This exercise is adapted from the Mothur MiSeq SOP


Kozich JJ, Westcott SL, Baxter NT, Highlander SK, Schloss PD. (2013): Development of a dual-index sequencing strategy and curation pipeline for analyzing amplicon sequence data on the MiSeq Illumina sequencing platform. Applied and Environmental Microbiology. 79(17):5112-20.


From the terminal on your instance:
1) ssh
2) mkdir ~/metagenomic_workshop
3) cd metagenomic_workshop
4) cp -R /pfbhome/data/Metagenomic/16S .

5) cd 16S
6) mothur

Reducing sequencing and PCR errors


In this exercise we are going to examine the microbiome from the pig intestinal track from one donor.  These sequences were generated by 454 downloaded from SRA.


Looft T, Allen HK, Cantarel BL, Levine UY, Bayles DO, Alt DP, Henrissat B, Stanton TB. Bacteria, phages and pigs: the effects of in-feed antibiotics on the  microbiome at different gut locations. ISME J. 2014 Aug;8(8):1566-76. doi: 10.1038/ismej.2014.12. Epub 2014 Feb 13. PubMed PMID: 24522263.


First lets examine the sequence data




Now lets trim sequences based on quality, remove any large, small, ambiguious or reads with lots of homopolymers




Now we are going to reduce the number of reads for analysis. DonŐt worry we are ŇkeepingÓ these sequences for abundance purposes, just not for analysis.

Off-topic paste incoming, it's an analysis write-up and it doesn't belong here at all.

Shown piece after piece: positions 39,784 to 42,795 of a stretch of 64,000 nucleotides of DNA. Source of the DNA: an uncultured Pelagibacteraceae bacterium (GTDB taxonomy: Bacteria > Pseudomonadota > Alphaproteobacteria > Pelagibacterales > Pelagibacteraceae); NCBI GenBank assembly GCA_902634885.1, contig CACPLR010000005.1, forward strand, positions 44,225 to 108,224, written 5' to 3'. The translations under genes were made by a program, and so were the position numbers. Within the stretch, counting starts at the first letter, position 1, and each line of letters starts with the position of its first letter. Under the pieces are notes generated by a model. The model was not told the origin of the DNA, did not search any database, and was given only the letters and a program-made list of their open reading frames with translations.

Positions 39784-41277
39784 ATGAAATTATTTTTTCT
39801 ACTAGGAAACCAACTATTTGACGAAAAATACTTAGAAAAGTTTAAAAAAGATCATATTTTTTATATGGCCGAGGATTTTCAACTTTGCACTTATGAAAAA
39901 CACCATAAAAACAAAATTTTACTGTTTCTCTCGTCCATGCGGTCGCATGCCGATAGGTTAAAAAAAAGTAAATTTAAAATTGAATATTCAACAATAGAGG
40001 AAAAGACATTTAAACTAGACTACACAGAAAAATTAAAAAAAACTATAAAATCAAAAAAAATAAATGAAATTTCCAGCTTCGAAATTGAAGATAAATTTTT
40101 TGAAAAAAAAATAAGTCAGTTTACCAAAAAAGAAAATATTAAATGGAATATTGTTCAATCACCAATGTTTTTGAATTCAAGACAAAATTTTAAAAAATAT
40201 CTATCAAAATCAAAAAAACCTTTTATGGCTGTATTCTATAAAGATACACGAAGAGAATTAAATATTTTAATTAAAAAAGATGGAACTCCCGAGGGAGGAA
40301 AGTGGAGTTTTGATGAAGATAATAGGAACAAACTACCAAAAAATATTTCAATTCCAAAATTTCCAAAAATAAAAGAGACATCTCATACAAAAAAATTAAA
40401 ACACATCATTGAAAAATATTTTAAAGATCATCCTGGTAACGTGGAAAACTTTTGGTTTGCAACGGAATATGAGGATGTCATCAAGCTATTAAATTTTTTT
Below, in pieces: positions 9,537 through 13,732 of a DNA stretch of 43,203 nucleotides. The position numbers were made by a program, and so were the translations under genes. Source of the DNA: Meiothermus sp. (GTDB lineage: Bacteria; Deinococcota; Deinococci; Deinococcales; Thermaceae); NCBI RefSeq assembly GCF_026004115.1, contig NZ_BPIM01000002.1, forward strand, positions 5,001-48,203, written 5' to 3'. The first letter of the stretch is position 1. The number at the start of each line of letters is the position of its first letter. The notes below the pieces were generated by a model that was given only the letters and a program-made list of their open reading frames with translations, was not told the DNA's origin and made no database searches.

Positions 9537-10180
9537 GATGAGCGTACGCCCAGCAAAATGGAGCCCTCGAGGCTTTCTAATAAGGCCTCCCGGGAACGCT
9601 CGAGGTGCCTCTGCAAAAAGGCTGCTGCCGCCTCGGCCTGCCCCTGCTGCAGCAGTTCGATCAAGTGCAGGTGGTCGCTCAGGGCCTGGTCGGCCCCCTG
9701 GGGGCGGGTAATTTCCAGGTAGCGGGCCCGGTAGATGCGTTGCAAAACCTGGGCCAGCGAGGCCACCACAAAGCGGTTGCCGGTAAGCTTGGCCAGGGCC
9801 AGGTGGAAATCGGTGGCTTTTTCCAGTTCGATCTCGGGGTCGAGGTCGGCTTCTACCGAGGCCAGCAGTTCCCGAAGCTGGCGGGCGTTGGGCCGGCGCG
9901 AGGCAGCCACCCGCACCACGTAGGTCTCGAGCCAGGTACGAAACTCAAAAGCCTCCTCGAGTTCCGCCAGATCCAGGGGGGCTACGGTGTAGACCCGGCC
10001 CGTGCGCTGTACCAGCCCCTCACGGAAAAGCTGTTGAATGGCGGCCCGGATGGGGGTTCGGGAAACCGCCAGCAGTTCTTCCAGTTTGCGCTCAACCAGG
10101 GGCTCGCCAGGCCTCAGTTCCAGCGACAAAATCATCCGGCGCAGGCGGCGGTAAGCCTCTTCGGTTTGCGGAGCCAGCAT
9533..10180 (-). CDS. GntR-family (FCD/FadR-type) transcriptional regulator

Processing improved sequences

Normally, we can limit the alignment to the variable region of the 16S gene based on the primers.  First thing we would do is to reduce the 16S reference alignment to this region.  But this step is very long, so we are going to use the precut alignment.


#pcr.seqs(fasta=silva.nr_v119.align, start=1044, end=6500,keepdots=F)


Next align sequences to template 16S rRNA gene.  We can remove any sequences that donŐt align to the expected PCR region.   The alignment step can also be very long – so you should probably skip this step too.




Summarize results so far


summary.seqs(fasta=swine_gut.trim.unique.align, name=swine_gut.trim.names)


Next we want to create a file to keep track of the count of our representative sequences in each sample.  Since we skipped some the demultiplexing steps, well have to generate the read to same file (group file).  Then create a count table.


system(perl swine_gut.trim.names)

count.seqs(name=swine_gut.trim.names, group=swine_gut.trim.groups)


Now we want to ŇcleanÓ up our alignment, determine the sequences that cover most of the PCR region, cut the alignment to that region and remove those that donŐt span the whole region


screen.seqs(fasta=swine_gut.trim.unique.align, count=swine_gut.trim.count_table,start=2,optimize=end, criteria=85, processors=4)